REMEMBER: You don’t just wake up one morning and say “I’m done doing all the bad things I can’t help doing” and that’s that. It takes time, and you’re going to fail every now and then. Don’t let a single failure cause you to throw in the towel. In fact, it can often be helpful to give yourself a window to fail. When I’m trying to lose weight, I often tell myself that Friday or Saturday night’s I’m free to do whatever I want. This makes it easier to say no the other 6 days of the week and if you’re 6-1 every week, you’re going to make it to the playoffs; you’re going to win.
2.) Take Small Steps
I’m going to now start to get (more) repetitive. This is going to be hard! A lot of resolutions fail because people bite off more than they can chew. Part of this is because New Year’sResolutions are bullshit (I’m foreshadowing here). When starting on day 1 and are putting it in terms of a new year’s resolution, there is a sense you must compare where you are today with where you want to be in 365 days. Big goals are great, but guess what, no one accomplishes a big goal without first setting and following through with smaller goals. Interestingly, I see smokers do this very well. The prospect of going from smoking to not smoking is scary. The idea of going from 10 cigarettes a day to 9 by the end of the month…that’s manageable. Manageable and realistic goals are achievable goals. If these goals are part of something bigger, that is fine. But be sure to set yourself up with small successes.
REMEMBER: If you want to avoid viewing your goals through a bleak dark and long tunnel, set smaller more-achievable goals (smaller and less dark tunnels). This is easy if you frame your goal in terms of a life change rather than in terms of a New Year’sResolution.
1.) New Year’s Resolutions Are Bullshit
We talked about motivation earlier and we only touched on the motivation issue. Lets stay with weight loss. If I’m overweight, it’s because I eat too much and exercise too little. Exercise is hard and not usually all that fun. Eating chocolate cake is easy (as pie?) and is a damn good time. Not only are habits hard to break but often times the habits formed because they are fun, easy, or enjoyable. To make real change you must be intrinsically motivated, if the motivation isn’t doesn’t come from within, it relies on something external. This is fine, as long as that external motivation remains in place. The problem with New Year’sResolutions is that the motivation is centered around a date. “Starting on the 1st, I’m going to stop (bad habit)”.
It’s comforting to start from scratch and we have trained ourselves into thinking that an arbitrary number on a calendar is that – a reset. The reality is that it’s just another day (January 1st, to be exact) and in the long journey of changing bad habits, you will have many ordinary days. The glitz and fabricated hope that the New Year brings only stands as a finite and temporary motivation. Remove the motivation for change, and you remove the change. Lastly, relying on an event to mark the start of your change sets you up for failure if (and when) you do slip. “Well, I was doing so good on this year’s resolution, then I ate that bacon-filled chocolate cake. Guess we’ll have to wait until next year.” The one thing I will say about New Year’s Resolutions is that they can act as a “jump-start”. If January 1st is what it takes to start making you think differently then that is great. Hopefully you can start to see some positive return which then turns into real intrinsically motivated action. From there, it’s smooth sailing to success.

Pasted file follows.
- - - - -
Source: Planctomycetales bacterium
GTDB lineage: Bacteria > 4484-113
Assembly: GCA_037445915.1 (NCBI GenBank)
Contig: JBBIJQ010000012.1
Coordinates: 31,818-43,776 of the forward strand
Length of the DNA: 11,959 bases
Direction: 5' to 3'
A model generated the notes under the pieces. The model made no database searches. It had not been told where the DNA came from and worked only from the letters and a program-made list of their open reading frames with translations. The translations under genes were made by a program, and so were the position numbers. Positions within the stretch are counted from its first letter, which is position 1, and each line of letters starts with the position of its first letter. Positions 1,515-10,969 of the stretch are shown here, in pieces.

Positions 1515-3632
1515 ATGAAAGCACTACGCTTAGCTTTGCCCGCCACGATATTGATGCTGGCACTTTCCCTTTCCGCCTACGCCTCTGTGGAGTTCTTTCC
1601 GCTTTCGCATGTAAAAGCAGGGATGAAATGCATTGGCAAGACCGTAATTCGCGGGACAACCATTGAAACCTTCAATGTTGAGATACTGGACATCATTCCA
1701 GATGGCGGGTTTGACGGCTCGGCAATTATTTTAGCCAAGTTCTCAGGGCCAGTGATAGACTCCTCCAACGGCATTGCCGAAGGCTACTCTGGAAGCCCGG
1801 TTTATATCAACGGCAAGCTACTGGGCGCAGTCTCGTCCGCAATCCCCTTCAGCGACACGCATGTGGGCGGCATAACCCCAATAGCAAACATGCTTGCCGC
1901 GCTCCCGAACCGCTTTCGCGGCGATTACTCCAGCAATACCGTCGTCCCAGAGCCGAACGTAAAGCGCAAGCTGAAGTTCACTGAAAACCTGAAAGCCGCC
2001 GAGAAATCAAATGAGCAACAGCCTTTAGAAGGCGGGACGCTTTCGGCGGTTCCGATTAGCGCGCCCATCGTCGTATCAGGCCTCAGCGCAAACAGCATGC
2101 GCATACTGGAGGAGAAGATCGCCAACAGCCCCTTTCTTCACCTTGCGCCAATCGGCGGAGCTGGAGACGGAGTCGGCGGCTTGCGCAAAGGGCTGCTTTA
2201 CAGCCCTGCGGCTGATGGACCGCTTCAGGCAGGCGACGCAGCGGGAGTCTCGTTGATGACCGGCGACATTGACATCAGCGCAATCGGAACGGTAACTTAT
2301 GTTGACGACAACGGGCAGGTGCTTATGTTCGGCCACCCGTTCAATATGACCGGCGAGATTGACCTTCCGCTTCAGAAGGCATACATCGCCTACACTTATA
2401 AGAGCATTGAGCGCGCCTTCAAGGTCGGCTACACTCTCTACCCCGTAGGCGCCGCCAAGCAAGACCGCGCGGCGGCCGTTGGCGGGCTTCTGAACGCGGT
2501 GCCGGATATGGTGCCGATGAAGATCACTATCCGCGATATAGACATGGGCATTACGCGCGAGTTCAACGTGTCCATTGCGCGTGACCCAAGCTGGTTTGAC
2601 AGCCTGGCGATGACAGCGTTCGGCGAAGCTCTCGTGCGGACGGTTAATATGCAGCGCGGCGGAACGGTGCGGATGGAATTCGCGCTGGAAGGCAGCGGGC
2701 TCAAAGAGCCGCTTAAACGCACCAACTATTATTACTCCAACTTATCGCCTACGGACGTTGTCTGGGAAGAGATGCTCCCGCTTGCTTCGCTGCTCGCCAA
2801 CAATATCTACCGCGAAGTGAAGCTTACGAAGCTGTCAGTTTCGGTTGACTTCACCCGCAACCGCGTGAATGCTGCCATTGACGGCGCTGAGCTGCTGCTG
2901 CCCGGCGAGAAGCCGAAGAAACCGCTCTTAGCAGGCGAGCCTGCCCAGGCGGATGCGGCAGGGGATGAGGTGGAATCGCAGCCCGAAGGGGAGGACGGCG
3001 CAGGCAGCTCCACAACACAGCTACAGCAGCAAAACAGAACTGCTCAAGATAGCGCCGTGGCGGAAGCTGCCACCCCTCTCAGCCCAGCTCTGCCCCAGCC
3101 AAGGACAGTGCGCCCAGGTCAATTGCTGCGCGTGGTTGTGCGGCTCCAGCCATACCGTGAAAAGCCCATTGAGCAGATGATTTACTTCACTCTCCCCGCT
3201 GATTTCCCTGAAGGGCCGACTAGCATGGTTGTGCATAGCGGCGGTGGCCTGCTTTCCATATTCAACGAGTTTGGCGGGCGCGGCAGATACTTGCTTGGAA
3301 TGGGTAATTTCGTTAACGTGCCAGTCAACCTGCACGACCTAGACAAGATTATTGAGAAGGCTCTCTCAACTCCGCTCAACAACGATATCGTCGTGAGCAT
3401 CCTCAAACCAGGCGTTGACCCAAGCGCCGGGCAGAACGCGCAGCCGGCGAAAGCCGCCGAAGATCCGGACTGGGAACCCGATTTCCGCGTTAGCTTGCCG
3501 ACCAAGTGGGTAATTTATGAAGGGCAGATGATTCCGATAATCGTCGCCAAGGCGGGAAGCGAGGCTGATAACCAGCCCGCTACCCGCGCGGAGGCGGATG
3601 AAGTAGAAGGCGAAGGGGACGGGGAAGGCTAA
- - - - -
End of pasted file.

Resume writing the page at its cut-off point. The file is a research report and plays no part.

REMEMBER: New Year’sDay is just that, a day. If you want to make changes, start right now. If you started on January 1st and failed: START AGAIN!
RememberBad habits are easy and are often fun. That’s the crux of life though: short-term gain’s don’t always have long-term benefit. Making changes is a hard process but it’s not impossible. To succeed you have to have the right frame of mind, the right motivation, and you have to approach it intelligently.
In the Spring of 2007 (notice NOT January 1st) I realized that I had formed some bad habits of my own and had gained a lot of weight in the first few years after college. This is common. Some people right the ship, many remain overweight late into adulthood. I decided to make a change. The decision wasn’t to lose weight, it was to find a healthy outlet and adjust the way I ate. The result was 30lbs lost by the time the Fall Semester of School started. What successes have you had in your life to make dramatic change? I’d love to hear your stories and any additional tips. Share your story below.
Tim at 195lbs in May 2007
Tim at 165lbs in August 2007